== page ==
Tuesday, July 01, 2014

When Practical Religion is Impractical

While attending a conference a while back in the northeast, I had dinner with a colleague who I occasionally see at those sorts of meetings. Our conversation was interesting and wide ranging, touching on our work issues, politics and current events, history, and our personal backgrounds. With regard to the last of those, the subject of religion came up.

He grew up a Southern Baptist somewhere in Oklahoma, graduated from OU, and then headed off to a prestigious law school. Somewhere along the way, he decided that the faith he had grown up with was not credible, and he dropped out until, like many, he married and had children, at which time he found his way into an Episcopal Church. Although his children are all grown, he remains very active in his church, serving in various capacities.

Unfortunately, he said that he was not sure that he believes in God and doubts that there is any kind of an afterlife. Pragmatism, not truth, had brought him back to the church. He returned and remains active in a church because in practical terms it is the best way to raise a family, provide stability to a society, and perform good deeds for the needy. The church provides for life to be ordered in a way that is for him meaningful, providing satisfaction that he is doing good for others.

Yet, he is terrified of growing old and dying. He visits a nursing home in behalf of his church, taking along his dog because the residents love the little animal. He says that he doesn't do this for the residents, but it is "exposure therapy" for himself. He cannot come to grips with the fact that he will grow old (he is currently in his 60's), become "useless," and die. He is hoping that by visiting these people, that he will gain a level of comfort with his inevitable future.

I expressed regret that he had not found resources that would have helped him appreciate the viability of orthodox Christianity and told him that my hope for my future was grounded in the fact that Christ had risen from the dead. Trying to find a point of contact with him, I mentioned some Anglican writers that had been helpful to me, and he brought up C.S. Lewis as someone he had read. When I pointed out that Lewis, though practical in style, argued in favor of Christianity not because it was practical, but because it was true, he noted that as a point that was worth thinking about. We agreed that we would talk more at some point in the future.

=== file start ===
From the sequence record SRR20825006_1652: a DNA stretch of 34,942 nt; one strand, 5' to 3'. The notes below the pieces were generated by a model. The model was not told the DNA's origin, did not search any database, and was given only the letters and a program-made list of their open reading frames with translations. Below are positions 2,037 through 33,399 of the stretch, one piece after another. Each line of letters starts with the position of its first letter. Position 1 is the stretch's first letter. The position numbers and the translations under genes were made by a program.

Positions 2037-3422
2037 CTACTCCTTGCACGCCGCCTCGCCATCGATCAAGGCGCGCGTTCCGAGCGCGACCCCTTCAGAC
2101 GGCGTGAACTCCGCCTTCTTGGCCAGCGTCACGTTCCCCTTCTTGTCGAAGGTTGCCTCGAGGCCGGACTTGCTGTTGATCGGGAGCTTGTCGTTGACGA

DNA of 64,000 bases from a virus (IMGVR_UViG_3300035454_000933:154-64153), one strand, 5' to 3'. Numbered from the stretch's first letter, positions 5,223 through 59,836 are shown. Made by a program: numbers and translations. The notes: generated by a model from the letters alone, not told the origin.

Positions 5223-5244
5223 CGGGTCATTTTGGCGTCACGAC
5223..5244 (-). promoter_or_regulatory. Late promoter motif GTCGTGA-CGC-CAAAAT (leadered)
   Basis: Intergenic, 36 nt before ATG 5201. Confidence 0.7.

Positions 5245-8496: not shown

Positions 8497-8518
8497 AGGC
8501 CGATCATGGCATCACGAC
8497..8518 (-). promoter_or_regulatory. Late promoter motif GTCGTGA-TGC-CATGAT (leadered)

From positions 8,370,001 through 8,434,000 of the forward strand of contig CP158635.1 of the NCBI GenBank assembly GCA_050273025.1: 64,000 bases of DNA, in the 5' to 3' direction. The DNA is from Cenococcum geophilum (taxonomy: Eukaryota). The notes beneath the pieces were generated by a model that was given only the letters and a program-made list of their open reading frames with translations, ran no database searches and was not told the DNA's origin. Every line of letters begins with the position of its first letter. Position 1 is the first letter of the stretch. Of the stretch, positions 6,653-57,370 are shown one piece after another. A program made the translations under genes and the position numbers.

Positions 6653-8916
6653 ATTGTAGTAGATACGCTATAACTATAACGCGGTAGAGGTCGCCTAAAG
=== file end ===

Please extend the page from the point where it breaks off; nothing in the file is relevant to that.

I regard his situation as tragic. He has spent much of his life in churches, yet he finds no help with regard to some of the most fundamental issues that Christianity addresses. Of course, some will point out that his experience results from his migration to a liberal version of Christianity. While that is true, evangelicals might want to pause before dismissing the relevance of his testimony.

The fastest growing segments of evangelical Christianity in the United States now largely base their appeal on the practical value of what they claim to offer. Some churches even market themselves in a way that downplays themes such as sin, grace, salvation, redemption, and death. Rather, they focus on practical matters: coming to our church and hearing our message will help your kids, make you a better parent, make you more fulfilled and give meaning to your life, help you overcome addictions, provide you with a sense of community, and so forth. None of these things are bad in and of themselves, though one might point out that you can find resources for them in places other than churches.

Christianity doesn't just claim "to work;" it claims to be true. And in that claim, it asserts that God has dealt with our sins and provides a way of redemption and a future hope. That is, it deals with the truly large issues of life. In his practical religion, my colleague did not find an answer for the most fundamental and certain issues of life. It would be most unfortunate if evangelicals are leading their members down the same banal path.

It is often argued that people in their day to day lives are not concerned about these larger issues, and that may be true. But evangelical Christianity without the Christianity is nothing more than a marketed message that gains adherents without offering anything of value for the long haul. Churches should offer the Gospel, which is the power of God for salvation for everyone that believes; if churches don't, they are doing more harm than good.

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